yielded to the threats and urgency of the inhabi-
Chap. XIV.} 1780. Feb. 26.
tants of Charleston
, and remained in their city, which no experienced engineer regarded as tenable.
On the twenty-sixth, the British
forces from the eastern side of St. John's island
gained a view of the town, its harbor, the sea, and carefully cultivated plantations, which, after their fatigues, seemed to them a paradise.
The best defence of the harbor was the bar at its outlet; and already on the twenty-
seventh, the officers of the continental squadron, which carried a hundred and fifty guns, reported their inability to guard it. ‘Then,’ wrote Washington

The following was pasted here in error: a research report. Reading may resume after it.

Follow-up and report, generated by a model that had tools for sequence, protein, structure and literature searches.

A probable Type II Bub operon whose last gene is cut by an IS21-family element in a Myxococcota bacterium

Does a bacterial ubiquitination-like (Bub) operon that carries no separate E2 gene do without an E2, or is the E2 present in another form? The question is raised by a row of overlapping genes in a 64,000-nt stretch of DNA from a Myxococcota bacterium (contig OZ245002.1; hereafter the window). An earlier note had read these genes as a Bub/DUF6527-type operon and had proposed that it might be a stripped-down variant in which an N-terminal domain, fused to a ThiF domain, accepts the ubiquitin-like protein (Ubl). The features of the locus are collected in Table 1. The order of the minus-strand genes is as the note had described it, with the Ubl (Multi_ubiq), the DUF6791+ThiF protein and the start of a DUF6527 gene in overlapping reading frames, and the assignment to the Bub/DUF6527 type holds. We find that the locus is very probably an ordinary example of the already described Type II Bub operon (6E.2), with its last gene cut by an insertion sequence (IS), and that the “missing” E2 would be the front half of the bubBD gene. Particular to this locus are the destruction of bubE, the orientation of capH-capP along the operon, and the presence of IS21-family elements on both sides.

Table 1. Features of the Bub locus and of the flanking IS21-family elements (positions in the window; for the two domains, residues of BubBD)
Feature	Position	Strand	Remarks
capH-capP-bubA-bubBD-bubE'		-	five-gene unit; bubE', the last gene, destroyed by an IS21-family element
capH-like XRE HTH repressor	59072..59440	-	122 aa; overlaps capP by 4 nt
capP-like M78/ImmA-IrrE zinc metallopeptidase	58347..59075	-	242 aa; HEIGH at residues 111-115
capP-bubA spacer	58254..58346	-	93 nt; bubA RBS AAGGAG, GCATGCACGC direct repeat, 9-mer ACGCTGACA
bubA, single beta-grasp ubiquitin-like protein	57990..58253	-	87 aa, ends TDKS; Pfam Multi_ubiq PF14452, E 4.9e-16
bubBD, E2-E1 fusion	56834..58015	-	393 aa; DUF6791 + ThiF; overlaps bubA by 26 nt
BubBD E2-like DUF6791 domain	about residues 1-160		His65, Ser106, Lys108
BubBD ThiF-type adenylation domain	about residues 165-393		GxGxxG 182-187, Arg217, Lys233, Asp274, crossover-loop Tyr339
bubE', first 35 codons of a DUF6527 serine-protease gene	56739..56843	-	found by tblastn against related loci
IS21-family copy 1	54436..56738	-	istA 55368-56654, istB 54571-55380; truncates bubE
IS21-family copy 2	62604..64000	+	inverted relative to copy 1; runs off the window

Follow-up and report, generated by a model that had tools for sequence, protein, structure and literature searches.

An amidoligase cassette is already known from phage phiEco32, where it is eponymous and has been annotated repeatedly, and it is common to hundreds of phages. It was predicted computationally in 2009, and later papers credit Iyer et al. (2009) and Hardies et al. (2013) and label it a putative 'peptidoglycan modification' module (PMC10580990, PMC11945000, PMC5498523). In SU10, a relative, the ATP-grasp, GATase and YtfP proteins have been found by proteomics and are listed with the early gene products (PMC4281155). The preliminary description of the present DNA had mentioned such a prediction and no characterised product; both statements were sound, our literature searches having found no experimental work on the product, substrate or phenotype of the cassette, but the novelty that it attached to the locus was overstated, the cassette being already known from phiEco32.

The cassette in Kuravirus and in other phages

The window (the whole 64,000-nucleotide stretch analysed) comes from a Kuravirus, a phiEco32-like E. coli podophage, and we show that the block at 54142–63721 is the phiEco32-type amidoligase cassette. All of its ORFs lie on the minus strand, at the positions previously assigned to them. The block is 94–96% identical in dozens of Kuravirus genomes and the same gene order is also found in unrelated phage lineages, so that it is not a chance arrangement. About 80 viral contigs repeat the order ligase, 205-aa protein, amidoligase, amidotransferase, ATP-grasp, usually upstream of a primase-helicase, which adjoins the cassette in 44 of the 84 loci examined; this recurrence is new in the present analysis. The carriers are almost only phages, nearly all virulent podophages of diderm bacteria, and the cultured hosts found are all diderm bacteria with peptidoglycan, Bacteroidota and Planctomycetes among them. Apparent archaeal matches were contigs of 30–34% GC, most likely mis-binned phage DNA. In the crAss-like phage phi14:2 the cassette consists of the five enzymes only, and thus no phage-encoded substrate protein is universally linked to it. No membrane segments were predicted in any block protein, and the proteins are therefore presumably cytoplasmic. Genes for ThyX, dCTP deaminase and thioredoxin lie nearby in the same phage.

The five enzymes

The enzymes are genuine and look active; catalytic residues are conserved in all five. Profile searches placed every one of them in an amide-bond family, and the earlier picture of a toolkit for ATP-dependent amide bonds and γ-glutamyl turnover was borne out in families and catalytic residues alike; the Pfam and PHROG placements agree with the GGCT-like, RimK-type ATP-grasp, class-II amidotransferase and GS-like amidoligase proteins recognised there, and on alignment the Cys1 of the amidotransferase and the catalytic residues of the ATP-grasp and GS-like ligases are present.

, ‘the attempt to defend the town ought to have been relinquished.’
was intent only on strengthening its fortifications.
Setting the example of labor, he was the first to go to work on them in the morning, and would not return till late in the evening.
Of the guns of the squadron and its seamen he formed and manned batteries on shore, and ships were sunk to close the entrance to the Ashley river
, trusting nothing to hazard, moved slowly along a coast intersected by creeks and checkered with islands.
The delay brought greater disasters on the state.
used the time to draw into Charleston
all the resources of the southern department of which he could dispose.
‘Collecting the whole force for the defence of Charleston
,’ thought Washington
, ‘is putting much to hazard.
I dread the event.’1
But he was too remote to be heard in time.